You might be accustomed to spitting them out as you eat — seed spitting contest, anyone? Some people just opt for seedless. But the nutritional value of watermelon seeds may convince you otherwise.
Watermelon seeds are low in calories and are nutrient dense. When roasted, they’re crispy and can easily take the place of other unhealthy snack options.
How to Roast Them
Roasting watermelon seeds is easy. Set your oven at 325°F and place the seeds on a baking sheet. It should only take about 15 minutes for them to roast, but you may want to stir them halfway through to ensure an even crispiness.
You can make the seeds taste even better by adding a little olive oil and salt, or sprinkling them with cinnamon and a light dusting of sugar. If you prefer more flavor, you can add lime juice and chili powder, or even cayenne pepper.
How much nutrition you reap from watermelon seeds depends largely on how many you eat. Because they’re small, you need to eat quite a few to get their considerable benefits. However, when you compare their nutritional value to that of other snacks out there, watermelon seeds come out far ahead.
1. Low Calorie
One ounce of watermelon seeds contains approximately
A large handful of watermelon seeds weighs about 4 grams, which contains about 56 seeds and just 22 calories. Far less than a bag of potato chips!
One of several minerals found in watermelon seeds is magnesium. In a 4 gram serving, you’ll get 21 mg of magnesium. The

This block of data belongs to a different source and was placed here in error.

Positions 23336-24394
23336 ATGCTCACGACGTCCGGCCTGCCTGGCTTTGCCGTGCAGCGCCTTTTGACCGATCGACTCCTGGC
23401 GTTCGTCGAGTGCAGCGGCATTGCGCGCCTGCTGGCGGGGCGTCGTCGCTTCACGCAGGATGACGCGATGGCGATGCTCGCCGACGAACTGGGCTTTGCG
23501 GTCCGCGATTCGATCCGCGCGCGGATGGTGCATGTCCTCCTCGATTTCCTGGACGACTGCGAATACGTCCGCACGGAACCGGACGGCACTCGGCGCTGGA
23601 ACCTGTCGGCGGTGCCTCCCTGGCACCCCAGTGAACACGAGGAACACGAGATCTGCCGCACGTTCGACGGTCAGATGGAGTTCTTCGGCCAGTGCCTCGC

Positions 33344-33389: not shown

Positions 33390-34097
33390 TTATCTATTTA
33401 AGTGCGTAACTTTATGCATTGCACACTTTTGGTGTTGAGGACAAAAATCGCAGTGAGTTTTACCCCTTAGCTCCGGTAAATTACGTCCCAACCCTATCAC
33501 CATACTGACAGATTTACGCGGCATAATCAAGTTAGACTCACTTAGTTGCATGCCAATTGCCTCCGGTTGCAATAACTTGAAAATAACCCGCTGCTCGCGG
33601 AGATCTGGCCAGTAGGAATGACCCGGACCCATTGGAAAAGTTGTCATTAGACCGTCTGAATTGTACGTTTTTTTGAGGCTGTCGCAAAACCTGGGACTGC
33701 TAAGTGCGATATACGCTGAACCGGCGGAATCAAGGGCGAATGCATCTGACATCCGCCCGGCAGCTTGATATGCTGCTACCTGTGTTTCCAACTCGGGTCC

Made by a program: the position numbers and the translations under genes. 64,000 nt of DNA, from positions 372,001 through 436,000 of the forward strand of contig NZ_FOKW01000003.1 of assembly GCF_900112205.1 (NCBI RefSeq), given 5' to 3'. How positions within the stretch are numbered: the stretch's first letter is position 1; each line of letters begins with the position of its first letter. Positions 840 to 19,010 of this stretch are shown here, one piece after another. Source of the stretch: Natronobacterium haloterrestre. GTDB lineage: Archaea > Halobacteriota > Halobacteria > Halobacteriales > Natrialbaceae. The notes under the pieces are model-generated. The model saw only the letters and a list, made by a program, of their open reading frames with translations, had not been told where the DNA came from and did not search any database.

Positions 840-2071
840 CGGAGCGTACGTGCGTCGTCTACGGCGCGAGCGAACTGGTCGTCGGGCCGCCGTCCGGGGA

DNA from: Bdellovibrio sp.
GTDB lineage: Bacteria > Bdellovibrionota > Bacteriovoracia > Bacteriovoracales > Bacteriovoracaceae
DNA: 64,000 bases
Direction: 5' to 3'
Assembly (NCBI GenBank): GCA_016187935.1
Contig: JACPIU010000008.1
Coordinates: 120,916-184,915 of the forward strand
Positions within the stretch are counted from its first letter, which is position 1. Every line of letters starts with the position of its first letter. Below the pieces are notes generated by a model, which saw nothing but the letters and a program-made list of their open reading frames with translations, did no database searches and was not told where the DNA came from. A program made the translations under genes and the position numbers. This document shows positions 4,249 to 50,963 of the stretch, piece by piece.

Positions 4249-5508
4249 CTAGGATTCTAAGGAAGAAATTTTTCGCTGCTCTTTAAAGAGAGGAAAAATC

A handful of watermelon seeds contains about 0.29 mg of iron. It might not seem like much, but the FDA only recommends adults get 18 mg in their day. Iron is an important component of hemoglobin — carrying oxygen through the body. It also helps your body convert calories into energy.
There are 2 μ of folate in a single serving of watermelon seeds. The FDA recommends adults get 400 μ each day. Folate, also known as folic acid or vitamin B-9, is important for proper brain function and also works to control homocysteine levels. Women of childbearing years need even more, since folate deficiency has been associated with certain neural tubal birth defects.
5. ‘Good’ Fats
Watermelon seeds also provide a good source of both monounsaturated and polyunsaturated fatty acids — 0.3 and 1.1 grams, respectively. According to the American Heart Association, these fats are useful in protecting against heart attack and stroke, and lowering levels of “bad” cholesterol in the blood.
Watermelon seeds have many health benefits. Although the amounts of some minerals and vitamins within them may seem low, they are still far preferable to potato chips and other unhealthy snacks.